Capitalism is the best economic system yet discovered for giving people the goods and services they desire at the lowest possible price, and for producing innovative economic growth. But there is a cost associated with these benefits, the boom and bust cycles inherent in capitalist systems, and those costs hit working class households — who have done nothing to deserve such a fate — very hard. Protecting innocent households from the costs of recessions is an important basis for our social insurance programs.
It is becoming more and more evident that there is another cost of capitalist systems, the inevitable rising inequality documented by Thomas Piketty in Capital in the Twenty-First Century, that our social insurance system will need to confront.
Why is rising inequality a matter that our social insurance system should address? The idea behind insurance is to spread the costs of harmful events we cannot control across a large number of people. With fire insurance, for example, participants pool their money into a large sum, and the unlucky few that experience fires draw from the pool of money to cover their losses. In the end there is a redistribution of income from the winners who escape a fire to the unfortunate who don't, but it would be wrong to view this as a net cost to the winners. The insurance premiums buy protection from fire — a benefit — and presumably the benefit exceeds the cost of the insurance.
Many social insurance programs work in the same way. With unemployment compensation, for example, workers pool their money through monthly premiums, and those who are unlucky and become unemployed through no fault of their own are able to draw from the pot of money and partially offset their losses. Hopefully, it's enough to allow them to survive while they get back on their feet once again.
Protection against the rising inequality that comes with capitalists systems can be justified similarly. There are winners who succeed largely on luck — the wealth of their parents for example — and the unfortunate who, try as they might, are not able to achieve the same success. As former UC Berkeley economist and current chief economist at Google, Hal Varian, says, "If luck plays a substantial role in the determination of income, it makes sense to have a progressive income tax, creating a form of social insurance in which the lucky subsidize the unlucky."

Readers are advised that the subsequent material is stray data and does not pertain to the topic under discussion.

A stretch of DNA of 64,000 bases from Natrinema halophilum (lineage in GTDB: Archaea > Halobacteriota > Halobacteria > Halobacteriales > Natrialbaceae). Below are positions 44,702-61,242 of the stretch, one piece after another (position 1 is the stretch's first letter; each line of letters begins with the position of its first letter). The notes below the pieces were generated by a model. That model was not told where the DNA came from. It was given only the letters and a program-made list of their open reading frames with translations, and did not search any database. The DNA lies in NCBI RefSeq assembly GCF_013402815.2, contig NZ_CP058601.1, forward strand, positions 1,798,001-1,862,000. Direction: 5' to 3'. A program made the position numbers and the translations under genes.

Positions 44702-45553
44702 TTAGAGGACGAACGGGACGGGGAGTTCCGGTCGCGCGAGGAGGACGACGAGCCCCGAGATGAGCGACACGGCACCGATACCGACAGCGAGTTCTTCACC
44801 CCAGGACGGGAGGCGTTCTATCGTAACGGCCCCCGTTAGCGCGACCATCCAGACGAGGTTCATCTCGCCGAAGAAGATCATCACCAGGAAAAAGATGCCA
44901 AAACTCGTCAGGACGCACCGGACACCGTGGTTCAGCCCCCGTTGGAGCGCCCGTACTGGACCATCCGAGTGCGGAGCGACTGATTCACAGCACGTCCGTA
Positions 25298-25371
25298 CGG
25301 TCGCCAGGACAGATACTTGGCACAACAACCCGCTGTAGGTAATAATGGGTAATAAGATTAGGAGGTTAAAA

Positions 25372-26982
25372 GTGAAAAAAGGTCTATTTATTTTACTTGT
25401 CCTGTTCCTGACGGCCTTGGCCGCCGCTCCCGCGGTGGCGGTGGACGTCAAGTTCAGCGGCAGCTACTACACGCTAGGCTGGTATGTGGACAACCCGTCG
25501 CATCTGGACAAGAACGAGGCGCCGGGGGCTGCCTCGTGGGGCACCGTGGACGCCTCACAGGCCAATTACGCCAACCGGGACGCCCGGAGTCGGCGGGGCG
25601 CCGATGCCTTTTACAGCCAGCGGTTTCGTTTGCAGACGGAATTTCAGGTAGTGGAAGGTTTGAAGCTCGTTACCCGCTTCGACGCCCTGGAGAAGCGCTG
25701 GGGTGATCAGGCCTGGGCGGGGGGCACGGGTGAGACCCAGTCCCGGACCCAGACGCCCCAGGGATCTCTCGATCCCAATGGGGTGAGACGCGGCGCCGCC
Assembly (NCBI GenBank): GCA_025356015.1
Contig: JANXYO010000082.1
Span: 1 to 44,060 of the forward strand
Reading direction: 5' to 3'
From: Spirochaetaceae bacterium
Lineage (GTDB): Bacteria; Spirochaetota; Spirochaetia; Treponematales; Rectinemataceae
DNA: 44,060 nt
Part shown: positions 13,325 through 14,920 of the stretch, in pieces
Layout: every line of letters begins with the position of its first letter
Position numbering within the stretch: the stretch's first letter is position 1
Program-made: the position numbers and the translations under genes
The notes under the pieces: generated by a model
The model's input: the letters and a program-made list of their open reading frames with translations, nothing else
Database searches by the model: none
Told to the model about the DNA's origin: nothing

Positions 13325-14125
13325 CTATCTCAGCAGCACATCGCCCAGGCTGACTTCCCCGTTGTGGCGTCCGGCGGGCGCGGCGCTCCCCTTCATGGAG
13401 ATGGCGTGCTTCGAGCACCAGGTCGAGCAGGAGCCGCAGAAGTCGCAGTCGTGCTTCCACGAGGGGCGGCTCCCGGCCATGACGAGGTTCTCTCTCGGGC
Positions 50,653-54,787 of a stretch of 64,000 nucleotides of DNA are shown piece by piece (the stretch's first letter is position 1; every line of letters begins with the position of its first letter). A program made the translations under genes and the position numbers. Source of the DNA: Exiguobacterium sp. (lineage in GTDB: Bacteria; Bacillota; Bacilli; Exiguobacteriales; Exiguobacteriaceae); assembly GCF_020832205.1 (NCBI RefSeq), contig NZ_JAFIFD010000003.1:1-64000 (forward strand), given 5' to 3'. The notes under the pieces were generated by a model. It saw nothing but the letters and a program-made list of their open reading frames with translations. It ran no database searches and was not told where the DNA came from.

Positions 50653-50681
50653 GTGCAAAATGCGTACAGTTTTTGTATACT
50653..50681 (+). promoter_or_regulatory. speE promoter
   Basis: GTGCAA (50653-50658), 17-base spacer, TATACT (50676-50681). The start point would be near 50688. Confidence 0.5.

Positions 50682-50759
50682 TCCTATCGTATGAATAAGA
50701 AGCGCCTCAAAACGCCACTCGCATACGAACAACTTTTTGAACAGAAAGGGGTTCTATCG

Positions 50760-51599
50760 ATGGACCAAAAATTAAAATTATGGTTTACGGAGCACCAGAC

There is another way to justify using social insurance to offset rising inequality. Some social insurance programs, ObamaCare, Medicare, and Social Security for example, overcome market failures that prevent the private sector from providing the insurance in sufficient quantities, or at all. In the case of Social Security for example, people know that society won't let them starve in old age, or end up in the streets with no shelter. So why bother to save for old age, especially if your income is low and those savings won't amount to much more than society will provide in any case?
The solution to this "moral hazard" problem is to force people to save for their own retirement through the Social Security system. There will still be some degree of income redistribution from the lucky to the unlucky — from richer to poorer households through the insurance part of the system — but for the most part the system exists to solve a market failure. It forces people to pay for their own retirement instead of relying upon the rest of society.
While there is most certainly a large degree of luck involved in which side of the inequality coin a particular household finds itself, there are also market failures that make the problem even worse. Monopoly, monopsony, and political power, for example, tilt the economic playing field toward the lucky and distort the flow of income in their favor. Since there is no reason to expect the private sector to solve these market failures on its own — if anything the problems would get worse if the private sector is given a free hand — there is a role for government to claw back and redirect these economic rents to less fortunate households, and to use tools such as anti-trust legislation to reduce the degree of economic power that the fortunate enjoy.
Some degree of inequality is needed to provide the incentives that make a capitalist system work, but inequality has risen far past what is needed to induce the effort that makes the system function. Would those at the very top of the income distribution — where inequality is increasing the most — really work less if they only received $250 million instead of $350 million per year for their efforts?
At some point, one I believe we've passed already, the benefits of inequality in terms of incentives are surpassed by the costs. As Joseph Stiglitz argues, "Inequality leads to lower growth and less efficiency. Lack of opportunity means that its most valuable asset — its people — is not being fully used. Many at the bottom, or even in the middle, are not living up to their potential, because the rich, needing few public services and worried that a strong government might redistribute income, use their political influence to cut taxes and curtail government spending. This leads to underinvestment in infrastructure, education, and technology, impeding the engines of growth."
Capitalism is a wonderful economic system, but it is not perfect. Government intervention is needed to soften the impact of recessions, to overcome market failures, and to offset the rising inequality that threatens capitalism's ability to serve the vast majority of households to the fullest possible extent.
More from The Fiscal Times...
- Where unemployment insurance benefits stand in your state
- Economists say Paul Ryan misrepresented their research
- Winners and losers under the camp tax plan